We parted to let her pass, keeping a respectful distance, unsure if she was real or some apparition that would spring on us and rip our throats out, like some bloodsucking vampire.
What the ? I squinted, half expecting her to turn to dust as she walked into the sunlight.
            One last time, she said as she carefully descended the church steps, grabbing the railing for support. The others looked to me for guidance. 
Look, lady, I said, hurrying after her, were here to tear down this place. You shouldnt be here, I blustered, trying to come across as the hard-nosed guy in charge. 
            Such a pity. She was grand in her day, you know. The wrinkles on her face smoothed as she stared back at the musty confines. I still hear the hymns singing out from the choir. Her eyes moistened, no doubt seeing this sanctuary as it was before, as it was meant to be, bustling with patrons in prayer and reverence. Dust-laden alcoves had once protected statues of Jesus and Mary. Yet framed in the softness of her gaze I spied a haunting presence shadowing her serenity.  
Howd you ...?
            Get in? I have my ways. Now if you'll excuse me, I must be going. 
            My crew merely stood there, faces blank. Ah, just an old lady, Rudy, a big youth, half-joked.
            Fingering the tattered Bible, clearly a well-used friend, she didnt move as I returned to join her. She could have been my grandmother. She was more than likely someones.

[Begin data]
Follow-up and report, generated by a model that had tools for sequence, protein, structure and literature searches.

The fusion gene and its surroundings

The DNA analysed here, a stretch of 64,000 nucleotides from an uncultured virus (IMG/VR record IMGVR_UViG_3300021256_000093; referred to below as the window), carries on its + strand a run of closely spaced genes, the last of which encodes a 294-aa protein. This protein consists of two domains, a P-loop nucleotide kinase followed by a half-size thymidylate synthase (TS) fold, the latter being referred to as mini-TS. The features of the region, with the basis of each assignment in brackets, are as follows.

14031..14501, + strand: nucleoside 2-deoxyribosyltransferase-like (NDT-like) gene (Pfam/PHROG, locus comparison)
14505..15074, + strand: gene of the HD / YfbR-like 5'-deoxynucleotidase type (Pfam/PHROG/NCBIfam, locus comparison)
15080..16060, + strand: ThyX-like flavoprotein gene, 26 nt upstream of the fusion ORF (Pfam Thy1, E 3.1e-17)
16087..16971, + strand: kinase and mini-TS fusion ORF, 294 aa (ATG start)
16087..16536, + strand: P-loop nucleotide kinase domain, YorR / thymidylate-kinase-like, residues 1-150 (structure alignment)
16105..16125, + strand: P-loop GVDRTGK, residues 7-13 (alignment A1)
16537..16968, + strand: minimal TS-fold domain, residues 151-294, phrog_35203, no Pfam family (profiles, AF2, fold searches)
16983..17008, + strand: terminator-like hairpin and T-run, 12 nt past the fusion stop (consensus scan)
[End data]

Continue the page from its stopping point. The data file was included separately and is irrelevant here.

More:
The fleeting hauntedness in her eyes stared back at me, speaking of the peace born from angels' graces. Yet hidden in the shadows where dark spirits congregated, one angel stalked. Azrael. Gods angel of death, his voice calling, bearing whispers of the finality of things.
            Ill drive you.
            I have money, she said indignantly.
            I could see that. Floral dress and long coat with a hat pinned sideways on her head, and on her ring finger a diamond that would make the Queen look twice.  Everything pressed and perfectly in place, as if she were attending some elegant ballroom affair. 
            I know, I said. This isnt about money. There were things money could never buy. Not for her. Ill drive you wherever you need to go. 
            She looked into my eyes and from that stolid, frightened gaze, I knew she needed a friend. Thank you. 
            I turned back to Manuel, his Mexican complexion still ashen from meeting his imagined Blessed Virgin Mary. Youre in charge. Have everything ready for demo tomorrow.
            Tomorrow? She was supposed to come down today.